While the system can leverage Badger’s robotics technology, it could also accommodate both fixed readers and handhelds carried by employees. If a store wanted to change the price of a particular product without deploying a robot to roam the aisles, it could simply use handheld readers to make that change.

Solution providers and stores could configure the software in a multitude of ways, the company reports, such as linking each unique ID on a label with a specific product, so that new prices could be correctly generated during interrogation. Conversely, stores could link changes to a given zone of products—for example, a handheld reader could access prices for a particular department, such as housewares, by reading a tag ID dedicated to that zone. Scanning barcodes, Greene says, would be another alternative for linking a specific zone or stock-keeping unit to particular price changes.

With regard to fixed readers, tags could be read or written to at a distance of up to 10 meters (32.8 feet), while the capture of data, and of sufficient power to update the e-paper display, would take about 45 seconds. Thus far, the technology has been prototyped only, and it has not been adopted by retailers.

In collaborating with Badger Technologies, Greene reports, Powercast “wanted to move to what we feel is more of an end-to-end solution. Yes, you can walk around with a handheld reader,” but that particular feature can still be labor-intensive. Therefore, he says, this new offering “brings us to the point where we’re happy with how the system works, how it’s constructed and how it’s going to be received by the retailers.”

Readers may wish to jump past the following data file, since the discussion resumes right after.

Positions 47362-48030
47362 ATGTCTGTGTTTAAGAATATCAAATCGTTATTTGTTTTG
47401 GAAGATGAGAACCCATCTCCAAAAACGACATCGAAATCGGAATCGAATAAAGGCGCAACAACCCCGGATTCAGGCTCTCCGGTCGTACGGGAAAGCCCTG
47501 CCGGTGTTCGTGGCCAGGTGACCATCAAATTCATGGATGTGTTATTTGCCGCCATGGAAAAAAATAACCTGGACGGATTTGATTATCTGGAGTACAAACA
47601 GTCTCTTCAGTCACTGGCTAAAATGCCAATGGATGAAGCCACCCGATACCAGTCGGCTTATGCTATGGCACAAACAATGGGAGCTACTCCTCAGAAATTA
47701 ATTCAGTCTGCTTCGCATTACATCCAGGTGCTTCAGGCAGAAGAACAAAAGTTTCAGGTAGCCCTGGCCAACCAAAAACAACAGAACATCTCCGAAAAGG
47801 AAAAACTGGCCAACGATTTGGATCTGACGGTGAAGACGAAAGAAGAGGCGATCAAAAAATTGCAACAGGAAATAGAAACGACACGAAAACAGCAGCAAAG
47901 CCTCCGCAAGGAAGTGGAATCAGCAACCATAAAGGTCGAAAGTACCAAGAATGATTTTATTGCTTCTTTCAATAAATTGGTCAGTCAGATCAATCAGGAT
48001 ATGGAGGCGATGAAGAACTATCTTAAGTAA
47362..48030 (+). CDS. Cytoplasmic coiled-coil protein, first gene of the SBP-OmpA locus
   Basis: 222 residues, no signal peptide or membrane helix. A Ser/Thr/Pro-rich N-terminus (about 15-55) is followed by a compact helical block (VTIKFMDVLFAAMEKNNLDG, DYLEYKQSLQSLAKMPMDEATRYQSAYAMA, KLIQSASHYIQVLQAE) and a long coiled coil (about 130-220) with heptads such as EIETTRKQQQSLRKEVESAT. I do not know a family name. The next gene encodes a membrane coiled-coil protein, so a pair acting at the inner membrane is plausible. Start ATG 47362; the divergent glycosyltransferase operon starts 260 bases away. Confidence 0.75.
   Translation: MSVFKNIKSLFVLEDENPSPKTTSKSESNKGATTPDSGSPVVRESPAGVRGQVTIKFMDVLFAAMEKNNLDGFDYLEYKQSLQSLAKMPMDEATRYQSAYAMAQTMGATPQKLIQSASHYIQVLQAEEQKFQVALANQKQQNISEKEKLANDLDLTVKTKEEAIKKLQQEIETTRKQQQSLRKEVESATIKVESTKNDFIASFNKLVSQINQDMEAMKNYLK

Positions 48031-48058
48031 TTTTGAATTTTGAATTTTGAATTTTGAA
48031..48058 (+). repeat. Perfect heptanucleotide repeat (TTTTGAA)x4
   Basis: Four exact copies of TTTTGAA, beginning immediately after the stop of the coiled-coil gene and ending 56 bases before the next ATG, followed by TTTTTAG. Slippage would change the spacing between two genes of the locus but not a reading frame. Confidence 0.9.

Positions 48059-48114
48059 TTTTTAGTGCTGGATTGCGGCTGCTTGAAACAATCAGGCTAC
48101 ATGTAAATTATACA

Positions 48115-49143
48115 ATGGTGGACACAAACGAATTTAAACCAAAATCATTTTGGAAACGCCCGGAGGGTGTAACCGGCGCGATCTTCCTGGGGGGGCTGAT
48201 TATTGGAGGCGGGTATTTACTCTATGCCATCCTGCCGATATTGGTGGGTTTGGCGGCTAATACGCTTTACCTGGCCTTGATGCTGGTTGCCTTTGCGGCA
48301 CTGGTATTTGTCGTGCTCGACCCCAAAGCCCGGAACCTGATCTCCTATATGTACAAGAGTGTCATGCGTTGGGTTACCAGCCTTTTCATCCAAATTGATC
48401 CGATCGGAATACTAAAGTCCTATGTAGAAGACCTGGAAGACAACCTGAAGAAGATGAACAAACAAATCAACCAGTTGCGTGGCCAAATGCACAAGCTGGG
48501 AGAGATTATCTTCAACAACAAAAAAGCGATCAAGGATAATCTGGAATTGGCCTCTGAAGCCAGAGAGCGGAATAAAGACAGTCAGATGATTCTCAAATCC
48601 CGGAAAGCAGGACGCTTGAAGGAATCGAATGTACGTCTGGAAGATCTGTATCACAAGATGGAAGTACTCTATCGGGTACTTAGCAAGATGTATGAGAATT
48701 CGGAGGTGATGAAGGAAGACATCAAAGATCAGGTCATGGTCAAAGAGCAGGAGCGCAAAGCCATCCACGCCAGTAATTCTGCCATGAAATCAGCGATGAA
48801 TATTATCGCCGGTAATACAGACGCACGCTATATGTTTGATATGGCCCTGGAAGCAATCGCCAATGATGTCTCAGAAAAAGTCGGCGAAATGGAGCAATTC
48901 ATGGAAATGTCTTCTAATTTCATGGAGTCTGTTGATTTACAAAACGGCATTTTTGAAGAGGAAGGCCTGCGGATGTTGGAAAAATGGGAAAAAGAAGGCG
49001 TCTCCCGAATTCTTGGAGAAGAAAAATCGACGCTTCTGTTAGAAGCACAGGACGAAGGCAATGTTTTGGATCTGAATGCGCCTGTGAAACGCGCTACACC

The key selling point, Greene predicts, will be the ability to eliminate batteries. Although ESLs using Powercast’s power-harvesting technology will be more expensive than a typical battery-powered ESL, he says, the Powercast version will be considerably less expensive in the long term. That, in part, is due to the cost of replacing multiple batteries in a traditional ESL, as well as the manual labor required to change those batteries. “We’ve actually heard from some retailers that it’s easier just to throw the label away and put a new tag [on the shelf] than to try to go change all the batteries,” he states.

The retail landscape is changing, according to Andy Peacock, Powercast’s marketing manager, and labor shortages are one part of that landscape. The use of robots is poised to address that change, he notes, by managing price labels without human intervention. For Badger Technologies, he says, adding the Powercast ESL price-changing functionality “provides another arrow to their quiver when they go to sell their solutions.”